to No-no November. The
Friday Flashbacks over the next few weeks will take a look back at
(Pre-Timber Rattlers) no-hitters in Appleton Professional Baseball history.
The first in no-hitter in Foxes history happened in 1966, their first
year as an affiliate of the Chicago White Sox.
Mickey Abarbanel, a third round pick of the Sox in the 1965 draft, was in
his first season of professional baseball.
He was off to a great start with the Foxes.
It got better on May 28, 1966 at Goodland Field against the Wisconsin
Steve Wilson of the Appleton Post-Crescent has the story from the May 29, 1966 edition.
Abarbanel Pitches No Hitter Against Twins
Southpaw Ace Stifles Wisconsin Rapids, 9 to 1, For His Fifth Victory
Mickey Abarbanel, the Fox Cities Foxes' version of Sandy Koufax, masterfully
mixed his fast ball with a hard snapping curve and twirled a no-hitter at the
Wisconsin Rapids Twins Saturday night at Goodland Field.
The score was 9-1.
Not allowing a man to reach until one man was out in the sixth inning, Abarbanel exhibited pinpoint control, averaging eight pitches per inning in each of the first four innings. He finished with 12 strike outs and three bases on balls. The Jersey City native lowered his diminutive earned run average to 1.79.
As could be expected, the Foxes' fielding was superb. Abarbanel committed the team's only miscue in the eighth inning on a wild throw to second base.
The team's slugging was only slightly less spectacular. Exploding for four runs in the first and five in the second, the hitters enjoyed two of their finest innings of the season. Everyone but Abarbanel hit safely in one of the opening two frames.
Cleanup hitter Bill Melton supplied the power punch, slamming a 3-run, 375-foot home run over the left field fence in the first innings and cracking a 2-run bases-loaded double in the second.
Today, the Foxes entertain the Twins at 2 p.m. at Goodland Field. Righthander Steve Kokor (3-1) will be on the mound.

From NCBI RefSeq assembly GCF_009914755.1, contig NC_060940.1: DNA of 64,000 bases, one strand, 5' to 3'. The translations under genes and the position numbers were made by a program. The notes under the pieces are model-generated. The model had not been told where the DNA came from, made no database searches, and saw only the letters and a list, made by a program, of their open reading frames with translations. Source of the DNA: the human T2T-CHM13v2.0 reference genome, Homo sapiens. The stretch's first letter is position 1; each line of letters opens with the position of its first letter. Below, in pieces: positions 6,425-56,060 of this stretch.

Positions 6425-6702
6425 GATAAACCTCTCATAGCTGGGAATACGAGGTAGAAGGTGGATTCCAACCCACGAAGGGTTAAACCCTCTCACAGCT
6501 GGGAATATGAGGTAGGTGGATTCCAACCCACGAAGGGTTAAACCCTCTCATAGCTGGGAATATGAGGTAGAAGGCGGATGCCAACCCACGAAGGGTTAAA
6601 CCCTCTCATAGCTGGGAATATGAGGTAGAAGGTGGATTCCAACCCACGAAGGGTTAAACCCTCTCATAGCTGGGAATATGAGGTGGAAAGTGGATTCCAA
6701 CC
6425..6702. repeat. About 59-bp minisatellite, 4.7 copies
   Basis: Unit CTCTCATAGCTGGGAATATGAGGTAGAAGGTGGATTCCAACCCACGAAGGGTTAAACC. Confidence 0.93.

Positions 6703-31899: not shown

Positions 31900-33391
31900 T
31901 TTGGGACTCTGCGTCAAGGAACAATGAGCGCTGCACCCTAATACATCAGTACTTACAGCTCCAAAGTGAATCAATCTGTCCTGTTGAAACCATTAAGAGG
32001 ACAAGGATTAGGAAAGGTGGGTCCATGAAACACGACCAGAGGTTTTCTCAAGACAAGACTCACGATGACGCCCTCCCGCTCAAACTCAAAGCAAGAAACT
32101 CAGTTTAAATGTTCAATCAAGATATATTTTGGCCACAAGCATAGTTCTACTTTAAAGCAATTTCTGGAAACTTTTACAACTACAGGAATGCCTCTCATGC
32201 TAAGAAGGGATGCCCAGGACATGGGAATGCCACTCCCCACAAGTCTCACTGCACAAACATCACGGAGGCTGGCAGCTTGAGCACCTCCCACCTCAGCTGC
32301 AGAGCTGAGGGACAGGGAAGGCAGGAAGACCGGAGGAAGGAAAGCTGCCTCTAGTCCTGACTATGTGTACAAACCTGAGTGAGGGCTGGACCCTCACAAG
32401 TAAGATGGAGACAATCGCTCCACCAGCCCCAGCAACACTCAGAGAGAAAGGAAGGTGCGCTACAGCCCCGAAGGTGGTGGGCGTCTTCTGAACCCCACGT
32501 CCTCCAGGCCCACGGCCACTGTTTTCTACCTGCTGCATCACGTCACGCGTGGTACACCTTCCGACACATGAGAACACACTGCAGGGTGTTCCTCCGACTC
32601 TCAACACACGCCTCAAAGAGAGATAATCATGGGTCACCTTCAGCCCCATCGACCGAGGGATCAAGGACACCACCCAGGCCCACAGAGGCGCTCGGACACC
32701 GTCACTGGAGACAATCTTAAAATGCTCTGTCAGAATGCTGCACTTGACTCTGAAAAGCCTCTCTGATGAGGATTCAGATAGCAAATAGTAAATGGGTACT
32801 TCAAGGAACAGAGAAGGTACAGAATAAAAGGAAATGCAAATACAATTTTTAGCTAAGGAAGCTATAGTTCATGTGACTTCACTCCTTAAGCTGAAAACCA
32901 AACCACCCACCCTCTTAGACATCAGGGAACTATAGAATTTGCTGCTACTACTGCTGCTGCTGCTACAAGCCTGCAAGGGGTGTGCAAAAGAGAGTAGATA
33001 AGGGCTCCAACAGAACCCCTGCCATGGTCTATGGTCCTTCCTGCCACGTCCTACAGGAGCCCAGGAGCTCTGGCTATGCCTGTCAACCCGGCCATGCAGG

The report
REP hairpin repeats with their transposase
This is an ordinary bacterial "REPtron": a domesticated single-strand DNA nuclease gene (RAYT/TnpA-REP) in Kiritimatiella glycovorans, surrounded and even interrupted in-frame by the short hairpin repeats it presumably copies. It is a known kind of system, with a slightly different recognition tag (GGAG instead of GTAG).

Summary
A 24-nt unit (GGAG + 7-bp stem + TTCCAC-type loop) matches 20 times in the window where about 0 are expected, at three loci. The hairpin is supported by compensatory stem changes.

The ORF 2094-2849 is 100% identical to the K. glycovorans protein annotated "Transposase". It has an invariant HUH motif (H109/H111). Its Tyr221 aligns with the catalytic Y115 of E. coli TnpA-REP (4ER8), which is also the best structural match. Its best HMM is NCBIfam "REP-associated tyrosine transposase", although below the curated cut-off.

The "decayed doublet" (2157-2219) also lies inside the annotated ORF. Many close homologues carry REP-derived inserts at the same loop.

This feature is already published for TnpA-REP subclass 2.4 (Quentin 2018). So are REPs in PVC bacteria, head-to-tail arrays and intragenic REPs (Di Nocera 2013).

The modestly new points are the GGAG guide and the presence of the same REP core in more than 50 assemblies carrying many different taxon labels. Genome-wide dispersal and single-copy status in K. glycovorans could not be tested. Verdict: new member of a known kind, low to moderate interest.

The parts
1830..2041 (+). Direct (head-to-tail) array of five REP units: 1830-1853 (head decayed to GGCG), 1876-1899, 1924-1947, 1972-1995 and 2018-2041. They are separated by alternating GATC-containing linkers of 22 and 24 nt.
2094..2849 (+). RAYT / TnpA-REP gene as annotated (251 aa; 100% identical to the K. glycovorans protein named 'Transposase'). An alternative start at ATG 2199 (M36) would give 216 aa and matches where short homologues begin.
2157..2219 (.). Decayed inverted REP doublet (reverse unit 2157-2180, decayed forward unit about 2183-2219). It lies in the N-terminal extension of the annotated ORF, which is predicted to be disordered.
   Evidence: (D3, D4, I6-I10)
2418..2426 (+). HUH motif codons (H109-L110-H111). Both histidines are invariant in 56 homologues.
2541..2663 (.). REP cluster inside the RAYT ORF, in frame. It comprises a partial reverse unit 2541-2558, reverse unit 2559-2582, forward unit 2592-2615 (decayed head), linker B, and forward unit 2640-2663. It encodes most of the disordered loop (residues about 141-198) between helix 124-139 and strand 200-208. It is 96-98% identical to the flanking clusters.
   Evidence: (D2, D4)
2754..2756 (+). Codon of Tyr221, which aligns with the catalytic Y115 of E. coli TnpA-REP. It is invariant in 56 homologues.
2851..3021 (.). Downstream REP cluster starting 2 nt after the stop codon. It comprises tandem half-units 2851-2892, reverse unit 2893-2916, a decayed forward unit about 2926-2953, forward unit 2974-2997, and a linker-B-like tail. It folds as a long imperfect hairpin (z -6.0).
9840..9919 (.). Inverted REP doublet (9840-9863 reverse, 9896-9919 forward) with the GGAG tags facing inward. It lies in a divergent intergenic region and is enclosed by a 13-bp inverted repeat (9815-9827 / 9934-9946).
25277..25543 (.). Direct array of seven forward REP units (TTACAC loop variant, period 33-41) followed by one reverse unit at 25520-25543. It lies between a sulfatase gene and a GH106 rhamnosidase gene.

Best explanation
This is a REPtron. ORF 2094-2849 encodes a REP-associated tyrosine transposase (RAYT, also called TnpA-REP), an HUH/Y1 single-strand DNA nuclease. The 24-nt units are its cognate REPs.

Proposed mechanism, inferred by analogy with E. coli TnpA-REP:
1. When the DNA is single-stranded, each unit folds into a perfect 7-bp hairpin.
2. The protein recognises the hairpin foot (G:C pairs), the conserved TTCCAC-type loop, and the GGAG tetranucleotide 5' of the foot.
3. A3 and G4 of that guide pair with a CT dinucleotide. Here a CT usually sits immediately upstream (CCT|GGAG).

After Al Kristowski grounded out to open the game, Jim Maness ripped a hit off starting and losing hurler Ron Lea. "Deacon" Jones smashed a single into right, and Melton teed off on a Lea delivery, blasting the ball high over the left field [wall] to make the score 3-0 before you could say "Abarbanel".
Al Fitzmorris followed with a 2-bagger down the right field line. Fitzmorris reached third on a passed ball, and after Ron Lolich fanned, scored on Tom Cottrell's shot to center.
While the 332 chilled but contented fans thought the four runs might be all for the night - with the poised Abarbanel looking untouchable - the Foxes sluggers were of a different mind.
Kristowski opened the second with a perfect bunt single, and Maness drew a free pass. The Deacon followed the same route to first to load the bases with none out. Melton rapped his double just out of the centerfielder's reach, and the score was 6-0.
Fitzmorris struck out, but Lolich lined a single to left scoring Jones. Cottrell walked, and von Eps blooped a double to left bringing home Melton and Lolich with the eighth and ninth runs.
That's it. No quotes. No elaboration on Abarbenel's performance. No details on how the Twins scored that one run in the eighth inning?
For the boxscore on this game and for a picture of Abarbanel from a 1968 White Sox baseball card, head over to this post at Rattler Radio.
By late May, the PC was probably sick of writing about Abarbanel's performances. I found a story from early in the 1966 season in which he struck out 20 opposing batters. You can bet that game story will be appearing later on this off season.
Abarbanel went 13-4 in 1966. He led the Midwest League in strikeouts with 206. But, he never made the major leagues. His Bullpen entry at Baseball Reference guesses that it was injuries that held him back after he left the Foxes.
Abarbanel did return to Appleton for three starts in 1969. But, he was out of organized ball by the end of the 1969 season. There is a mention that he helped found the Tampa Mustangs, a fast pitch softball organization in Florida, in the 80's.
Look at the boxscore below, the Nettles who went 0-for-4 as a second baseman for the Twins is Graig Nettles. There is a picture of him arguing with an umpire after a call that accompanied the article. It did not turn out well on the microfilm printer.
Other future major leaguers on the Twins boxscore for that chilly May night at Goodland Field include...well, no one. If you look at the 1966 Twins page, Nettles was the only player on that team to make the majors.
The Foxes went on to win the Midwest League pennant. They went 77-47 to edge out Burlington (77-48) by a half game. The Cedar Rapids Cardinals had the best record at 81-40. Then, the Foxes beat the Cardinals 2-1 in a best-of-three championship series.
In case you haven't had a chance, head over to the Timber Rattlers YouTube channel and check out the video of the Jake Odorizzi/Adrian Rosario No-hitter. There is also video of the appearance by the duo at Miller Park after the event.
October 8: In fair territory (1994)
October 15: Fans flock to see Foxes (1987)
October 22: New Park (1995)